Bolyard Burger Battle: Poletti vs. McMillen
There are a lot of reasons to hate the onset of winter—the bitter cold, people who can't drive when there's bad weather, shoveling snow—but none of those make me as angry as not being able to go to any more Bolyard's Burger Battles until spring. The first battle pitted Brasserie's Nick Blue against Annie Gunn's Andrew Jennrich; the camaraderie and friendship between these two chefs sickened me. I wanted to see trash-talking and sabotaging. I thought that maybe putting Sidney Street Cafe's Justin McMillen against Pastaria's Josh Poletti would do the trick. As you can see from the picture below, it did not:
Disgusting. These two were even more complimentary and friendly than the last two! I wanted Stone Cold Steve Austin vs. Vince McMahon, but alas, we can't always get what we want.
Unlike the previous battle, we got to see two different patties this time around. For McMillen's "Maw and Paw Burger," he had Chris Bolyard grind braunschweiger into the meat, then topped it with a pickled mustard seed and onion slaw, white cheddar, and a pretzel aioli (we'll come back to this). Poletti, a man who embraces fatty foods like few chefs I know, had his "Mississippi Burger" ground with bone marrow, which was finished off with sweet churned pickles, white BBQ sauce, onion rings, and American cheese.
Preparation (click the photos to open a gallery and see them larger): pickle slicing, patty making, butter melting, Busch drinkin'. And the winner's prize: The Golden Pig Skull!
Once the final preparations were complete, everyone moved outside and began setting up the burger and fry cooking stations. Bolyard himself took the reigns of the thick cut French fries, frying them in the sweet, sweet beef tallow that all battle attendees have come to know and love. Even if you're not a burger eater, coming to one of these battles and just drinking beer and eating Bolyard's fries would be a delicious experience.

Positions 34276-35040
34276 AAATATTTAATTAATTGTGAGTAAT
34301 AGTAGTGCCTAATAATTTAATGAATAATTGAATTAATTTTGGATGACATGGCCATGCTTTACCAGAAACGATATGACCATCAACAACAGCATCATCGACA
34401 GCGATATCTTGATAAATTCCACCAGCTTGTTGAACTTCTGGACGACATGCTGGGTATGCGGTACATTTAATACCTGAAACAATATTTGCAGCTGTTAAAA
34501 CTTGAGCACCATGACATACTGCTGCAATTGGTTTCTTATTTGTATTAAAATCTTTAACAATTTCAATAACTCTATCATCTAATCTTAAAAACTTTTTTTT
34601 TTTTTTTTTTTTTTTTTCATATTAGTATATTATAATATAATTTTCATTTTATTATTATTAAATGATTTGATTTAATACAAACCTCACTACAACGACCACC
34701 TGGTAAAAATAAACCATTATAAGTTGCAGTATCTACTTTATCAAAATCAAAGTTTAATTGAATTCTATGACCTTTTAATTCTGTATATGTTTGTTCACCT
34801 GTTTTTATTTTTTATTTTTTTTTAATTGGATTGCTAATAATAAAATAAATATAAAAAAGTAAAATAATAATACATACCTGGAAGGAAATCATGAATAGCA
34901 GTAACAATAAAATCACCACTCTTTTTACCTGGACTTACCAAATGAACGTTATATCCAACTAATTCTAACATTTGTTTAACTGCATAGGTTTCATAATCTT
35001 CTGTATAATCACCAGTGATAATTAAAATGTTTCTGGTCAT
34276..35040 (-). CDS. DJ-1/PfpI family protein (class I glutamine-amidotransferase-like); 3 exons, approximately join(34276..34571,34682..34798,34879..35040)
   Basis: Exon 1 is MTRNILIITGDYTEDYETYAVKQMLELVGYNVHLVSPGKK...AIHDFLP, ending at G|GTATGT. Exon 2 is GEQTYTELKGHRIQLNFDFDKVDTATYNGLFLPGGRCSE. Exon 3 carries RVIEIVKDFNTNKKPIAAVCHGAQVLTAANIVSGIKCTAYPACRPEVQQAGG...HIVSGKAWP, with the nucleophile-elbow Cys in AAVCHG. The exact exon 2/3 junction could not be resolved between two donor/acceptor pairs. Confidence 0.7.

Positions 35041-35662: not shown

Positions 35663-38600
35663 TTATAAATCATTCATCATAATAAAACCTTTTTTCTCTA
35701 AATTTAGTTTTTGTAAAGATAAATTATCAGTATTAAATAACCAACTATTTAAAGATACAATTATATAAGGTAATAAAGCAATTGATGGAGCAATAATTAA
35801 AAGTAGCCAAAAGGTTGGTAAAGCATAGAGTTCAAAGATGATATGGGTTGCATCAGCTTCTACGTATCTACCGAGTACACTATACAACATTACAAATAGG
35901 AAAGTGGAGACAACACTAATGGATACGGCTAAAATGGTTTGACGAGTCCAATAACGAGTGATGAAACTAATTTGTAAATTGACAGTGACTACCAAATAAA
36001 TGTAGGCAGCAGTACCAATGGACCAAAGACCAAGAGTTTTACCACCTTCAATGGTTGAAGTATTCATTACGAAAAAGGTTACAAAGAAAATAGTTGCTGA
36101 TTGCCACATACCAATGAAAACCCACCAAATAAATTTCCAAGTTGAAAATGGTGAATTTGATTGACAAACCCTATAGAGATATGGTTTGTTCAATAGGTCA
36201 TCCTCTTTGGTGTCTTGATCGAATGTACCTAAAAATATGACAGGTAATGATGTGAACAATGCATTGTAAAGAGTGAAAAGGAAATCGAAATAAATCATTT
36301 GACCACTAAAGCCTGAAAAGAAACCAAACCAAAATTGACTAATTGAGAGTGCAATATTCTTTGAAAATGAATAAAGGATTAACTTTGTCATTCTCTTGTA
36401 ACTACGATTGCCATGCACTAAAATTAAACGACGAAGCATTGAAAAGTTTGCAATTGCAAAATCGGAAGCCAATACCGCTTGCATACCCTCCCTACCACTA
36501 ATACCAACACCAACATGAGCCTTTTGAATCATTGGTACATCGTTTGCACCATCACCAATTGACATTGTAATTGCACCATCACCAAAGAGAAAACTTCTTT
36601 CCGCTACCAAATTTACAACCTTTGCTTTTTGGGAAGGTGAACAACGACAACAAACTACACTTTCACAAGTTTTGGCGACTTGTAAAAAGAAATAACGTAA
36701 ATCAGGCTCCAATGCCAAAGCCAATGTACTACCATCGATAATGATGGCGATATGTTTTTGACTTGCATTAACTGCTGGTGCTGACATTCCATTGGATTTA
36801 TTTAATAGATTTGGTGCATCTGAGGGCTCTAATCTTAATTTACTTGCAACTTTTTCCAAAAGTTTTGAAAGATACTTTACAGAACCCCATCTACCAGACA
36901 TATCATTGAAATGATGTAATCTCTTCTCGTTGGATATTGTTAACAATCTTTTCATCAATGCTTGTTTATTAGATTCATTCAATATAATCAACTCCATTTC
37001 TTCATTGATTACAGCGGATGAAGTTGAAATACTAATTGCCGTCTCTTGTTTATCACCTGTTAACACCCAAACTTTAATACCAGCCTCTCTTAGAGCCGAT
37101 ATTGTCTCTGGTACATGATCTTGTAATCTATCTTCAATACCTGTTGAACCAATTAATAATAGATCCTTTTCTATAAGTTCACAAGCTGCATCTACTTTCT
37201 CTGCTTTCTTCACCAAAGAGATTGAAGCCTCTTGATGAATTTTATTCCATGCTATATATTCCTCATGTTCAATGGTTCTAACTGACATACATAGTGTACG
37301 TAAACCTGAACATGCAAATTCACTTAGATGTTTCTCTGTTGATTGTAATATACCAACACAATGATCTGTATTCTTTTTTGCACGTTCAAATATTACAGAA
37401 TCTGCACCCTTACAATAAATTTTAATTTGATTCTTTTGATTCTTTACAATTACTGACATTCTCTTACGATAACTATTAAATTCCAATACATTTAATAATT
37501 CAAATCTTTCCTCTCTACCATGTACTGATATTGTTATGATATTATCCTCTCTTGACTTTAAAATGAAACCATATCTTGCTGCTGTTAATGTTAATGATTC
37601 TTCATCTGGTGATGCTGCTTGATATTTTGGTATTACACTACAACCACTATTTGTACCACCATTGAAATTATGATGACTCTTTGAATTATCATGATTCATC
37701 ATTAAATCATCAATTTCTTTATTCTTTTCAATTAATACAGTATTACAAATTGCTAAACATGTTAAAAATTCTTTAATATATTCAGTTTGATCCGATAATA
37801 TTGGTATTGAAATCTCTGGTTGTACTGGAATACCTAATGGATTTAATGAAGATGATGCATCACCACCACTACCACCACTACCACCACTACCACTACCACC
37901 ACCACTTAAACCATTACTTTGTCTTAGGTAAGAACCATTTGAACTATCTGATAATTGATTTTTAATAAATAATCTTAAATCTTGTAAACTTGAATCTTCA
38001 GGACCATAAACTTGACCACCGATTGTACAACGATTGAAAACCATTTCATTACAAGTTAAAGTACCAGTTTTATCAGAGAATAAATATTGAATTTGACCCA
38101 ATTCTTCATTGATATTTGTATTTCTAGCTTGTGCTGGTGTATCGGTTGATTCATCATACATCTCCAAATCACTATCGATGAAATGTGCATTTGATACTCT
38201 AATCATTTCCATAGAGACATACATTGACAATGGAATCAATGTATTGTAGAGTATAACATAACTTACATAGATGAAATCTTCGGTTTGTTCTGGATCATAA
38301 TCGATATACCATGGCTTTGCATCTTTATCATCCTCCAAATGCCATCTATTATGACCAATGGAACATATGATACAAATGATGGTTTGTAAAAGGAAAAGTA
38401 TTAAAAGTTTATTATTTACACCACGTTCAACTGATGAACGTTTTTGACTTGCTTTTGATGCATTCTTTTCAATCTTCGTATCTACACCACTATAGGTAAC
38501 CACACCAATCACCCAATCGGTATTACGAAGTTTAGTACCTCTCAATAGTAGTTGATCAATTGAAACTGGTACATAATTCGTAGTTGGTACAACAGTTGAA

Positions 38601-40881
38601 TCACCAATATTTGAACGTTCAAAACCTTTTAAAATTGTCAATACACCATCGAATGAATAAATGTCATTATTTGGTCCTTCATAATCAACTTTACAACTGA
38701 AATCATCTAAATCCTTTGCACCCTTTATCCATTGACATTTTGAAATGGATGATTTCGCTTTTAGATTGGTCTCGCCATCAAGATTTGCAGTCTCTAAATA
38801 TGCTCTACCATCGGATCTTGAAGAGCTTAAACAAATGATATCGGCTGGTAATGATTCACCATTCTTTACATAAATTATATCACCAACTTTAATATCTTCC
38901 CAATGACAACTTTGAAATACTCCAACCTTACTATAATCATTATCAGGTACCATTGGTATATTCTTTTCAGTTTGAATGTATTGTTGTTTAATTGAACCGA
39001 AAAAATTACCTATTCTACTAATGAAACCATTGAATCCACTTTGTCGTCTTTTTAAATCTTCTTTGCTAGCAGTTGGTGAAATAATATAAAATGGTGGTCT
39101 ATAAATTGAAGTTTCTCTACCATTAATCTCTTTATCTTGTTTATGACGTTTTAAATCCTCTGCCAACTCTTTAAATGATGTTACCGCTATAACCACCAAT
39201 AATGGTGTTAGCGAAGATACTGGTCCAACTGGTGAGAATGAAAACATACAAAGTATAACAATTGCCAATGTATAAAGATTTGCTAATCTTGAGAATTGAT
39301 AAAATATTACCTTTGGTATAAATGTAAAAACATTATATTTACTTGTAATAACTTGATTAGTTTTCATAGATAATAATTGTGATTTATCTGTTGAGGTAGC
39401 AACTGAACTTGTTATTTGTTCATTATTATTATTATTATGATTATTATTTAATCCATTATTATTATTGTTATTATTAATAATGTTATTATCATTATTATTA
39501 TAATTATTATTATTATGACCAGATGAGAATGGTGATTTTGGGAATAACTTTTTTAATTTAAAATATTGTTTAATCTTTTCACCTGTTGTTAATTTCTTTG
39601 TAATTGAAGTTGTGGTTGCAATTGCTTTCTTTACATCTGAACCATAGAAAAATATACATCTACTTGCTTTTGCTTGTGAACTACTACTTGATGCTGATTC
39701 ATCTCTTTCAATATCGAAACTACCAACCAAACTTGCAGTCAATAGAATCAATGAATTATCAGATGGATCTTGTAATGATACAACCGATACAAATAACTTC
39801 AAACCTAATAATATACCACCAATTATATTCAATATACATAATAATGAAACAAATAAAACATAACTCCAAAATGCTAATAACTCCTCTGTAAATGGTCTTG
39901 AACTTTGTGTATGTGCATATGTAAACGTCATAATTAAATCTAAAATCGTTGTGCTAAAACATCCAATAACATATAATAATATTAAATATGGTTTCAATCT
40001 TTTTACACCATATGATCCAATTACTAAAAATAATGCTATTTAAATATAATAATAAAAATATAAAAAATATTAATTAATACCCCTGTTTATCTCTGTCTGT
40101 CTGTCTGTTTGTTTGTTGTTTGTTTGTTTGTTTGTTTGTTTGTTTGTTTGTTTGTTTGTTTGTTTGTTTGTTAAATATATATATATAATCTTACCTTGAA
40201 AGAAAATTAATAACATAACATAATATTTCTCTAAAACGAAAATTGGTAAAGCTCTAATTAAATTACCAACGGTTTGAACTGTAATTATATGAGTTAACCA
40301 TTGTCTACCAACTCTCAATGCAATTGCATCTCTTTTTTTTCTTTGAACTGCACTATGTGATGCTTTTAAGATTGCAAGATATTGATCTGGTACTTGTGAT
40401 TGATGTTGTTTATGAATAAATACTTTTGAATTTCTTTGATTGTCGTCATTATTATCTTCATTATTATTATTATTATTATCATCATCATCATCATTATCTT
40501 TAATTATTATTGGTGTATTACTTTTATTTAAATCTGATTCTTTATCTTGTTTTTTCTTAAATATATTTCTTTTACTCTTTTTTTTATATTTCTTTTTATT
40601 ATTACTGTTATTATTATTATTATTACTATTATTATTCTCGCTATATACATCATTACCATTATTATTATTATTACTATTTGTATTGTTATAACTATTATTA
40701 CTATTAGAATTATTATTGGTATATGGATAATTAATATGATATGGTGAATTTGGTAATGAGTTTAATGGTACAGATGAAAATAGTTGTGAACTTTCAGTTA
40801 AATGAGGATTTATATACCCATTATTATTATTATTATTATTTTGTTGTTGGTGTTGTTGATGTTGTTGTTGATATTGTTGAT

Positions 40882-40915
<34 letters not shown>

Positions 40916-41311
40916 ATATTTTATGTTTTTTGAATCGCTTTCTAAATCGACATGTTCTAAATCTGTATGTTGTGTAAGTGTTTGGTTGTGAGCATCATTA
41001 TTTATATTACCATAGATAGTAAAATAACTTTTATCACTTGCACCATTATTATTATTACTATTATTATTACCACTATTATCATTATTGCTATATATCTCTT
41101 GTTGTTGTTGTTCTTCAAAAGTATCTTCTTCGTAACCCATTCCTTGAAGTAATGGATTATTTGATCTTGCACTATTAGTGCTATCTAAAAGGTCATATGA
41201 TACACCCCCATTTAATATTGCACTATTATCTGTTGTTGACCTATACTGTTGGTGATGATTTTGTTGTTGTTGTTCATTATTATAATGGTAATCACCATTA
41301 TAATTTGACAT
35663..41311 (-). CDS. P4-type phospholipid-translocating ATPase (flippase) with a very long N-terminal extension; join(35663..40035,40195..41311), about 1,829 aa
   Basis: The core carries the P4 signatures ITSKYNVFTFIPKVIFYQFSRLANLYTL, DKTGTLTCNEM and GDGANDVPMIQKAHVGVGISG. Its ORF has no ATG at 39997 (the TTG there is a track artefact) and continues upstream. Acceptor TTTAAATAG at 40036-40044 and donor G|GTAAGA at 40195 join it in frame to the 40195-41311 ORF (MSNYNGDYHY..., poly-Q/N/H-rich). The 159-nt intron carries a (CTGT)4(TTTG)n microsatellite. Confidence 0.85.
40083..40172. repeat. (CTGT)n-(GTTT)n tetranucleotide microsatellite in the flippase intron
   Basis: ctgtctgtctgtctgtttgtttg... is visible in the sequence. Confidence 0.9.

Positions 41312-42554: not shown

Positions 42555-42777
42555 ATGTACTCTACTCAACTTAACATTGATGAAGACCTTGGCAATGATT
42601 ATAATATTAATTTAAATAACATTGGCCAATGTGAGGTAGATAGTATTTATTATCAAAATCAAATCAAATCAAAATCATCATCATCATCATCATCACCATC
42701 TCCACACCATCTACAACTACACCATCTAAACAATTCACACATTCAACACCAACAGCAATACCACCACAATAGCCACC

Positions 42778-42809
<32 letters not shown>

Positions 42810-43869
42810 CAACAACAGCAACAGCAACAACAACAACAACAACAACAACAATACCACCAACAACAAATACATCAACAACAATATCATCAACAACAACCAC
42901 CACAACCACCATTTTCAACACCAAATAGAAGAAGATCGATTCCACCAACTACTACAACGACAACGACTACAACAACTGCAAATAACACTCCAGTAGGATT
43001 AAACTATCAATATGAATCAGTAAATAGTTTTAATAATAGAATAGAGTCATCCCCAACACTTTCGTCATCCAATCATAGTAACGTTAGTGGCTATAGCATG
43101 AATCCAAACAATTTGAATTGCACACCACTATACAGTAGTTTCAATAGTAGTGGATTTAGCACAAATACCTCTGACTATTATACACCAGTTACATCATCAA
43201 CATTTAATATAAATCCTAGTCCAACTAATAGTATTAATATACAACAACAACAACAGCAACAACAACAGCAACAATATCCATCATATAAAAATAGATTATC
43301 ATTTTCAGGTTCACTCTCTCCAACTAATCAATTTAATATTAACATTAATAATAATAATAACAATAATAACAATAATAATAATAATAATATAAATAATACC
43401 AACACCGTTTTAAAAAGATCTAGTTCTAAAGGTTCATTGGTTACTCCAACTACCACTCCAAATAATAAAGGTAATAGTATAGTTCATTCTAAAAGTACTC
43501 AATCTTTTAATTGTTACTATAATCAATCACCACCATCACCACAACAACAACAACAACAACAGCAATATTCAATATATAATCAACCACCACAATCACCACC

Bolyard took it upon himself to once again light the enormous grill, and within minutes, it was as hot as the sun. I was sweating because of it and I wasn't even close to it!
The rest of the Bolyard's team finished up the final touches, like setting up the check-in table and grilling the buns, and then the madness began.
Once the horde of people arrived, it was go time. Like a well-oiled machine, burgers were quickly handed off from chef to the team plating up each burgers on the beautiful Refection buns. After the burgers were completed, Bolyard came through with fistfuls of searing hot fries. What a badass.
The Cook Off:
Both burgers were excellent, in my opinion—though I won't tell which one I voted for. McMillen's patty was my favorite of the two, thanks to the braunschweiger giving it a slightly livery taste. I know that probably doesn't sound very appealing, but I think it makes for a unique burger eating experience, especially when paired with the pickled mustard seeds and onions. And let's not forget about the pretzel aioli. My god, that was a tasty sauce. I told him that it needs to be used at Sidney Street ASAP. I could dip fries in that all day. I was worried that his heavily German influenced burger would be too fancy for the battle, but it was a huge hit.
Unfortunately for McMillen, it wasn't as big of a hit as Poletti's—though the votes were close. His take on a more classic cheeseburger won the people over. Before the battle even began, I was snacking on those sweet, thick cut pickles with the white BBQ sauce (you may recall that I fell in love with it a year ago) in the back of the Bolyard's shop—once they were both on the burger, along with gooey American cheese and crunchy onion rings, it was pretty much game over. Gluttony and excess won out.
I can't wait for next spring's battles (but my body can).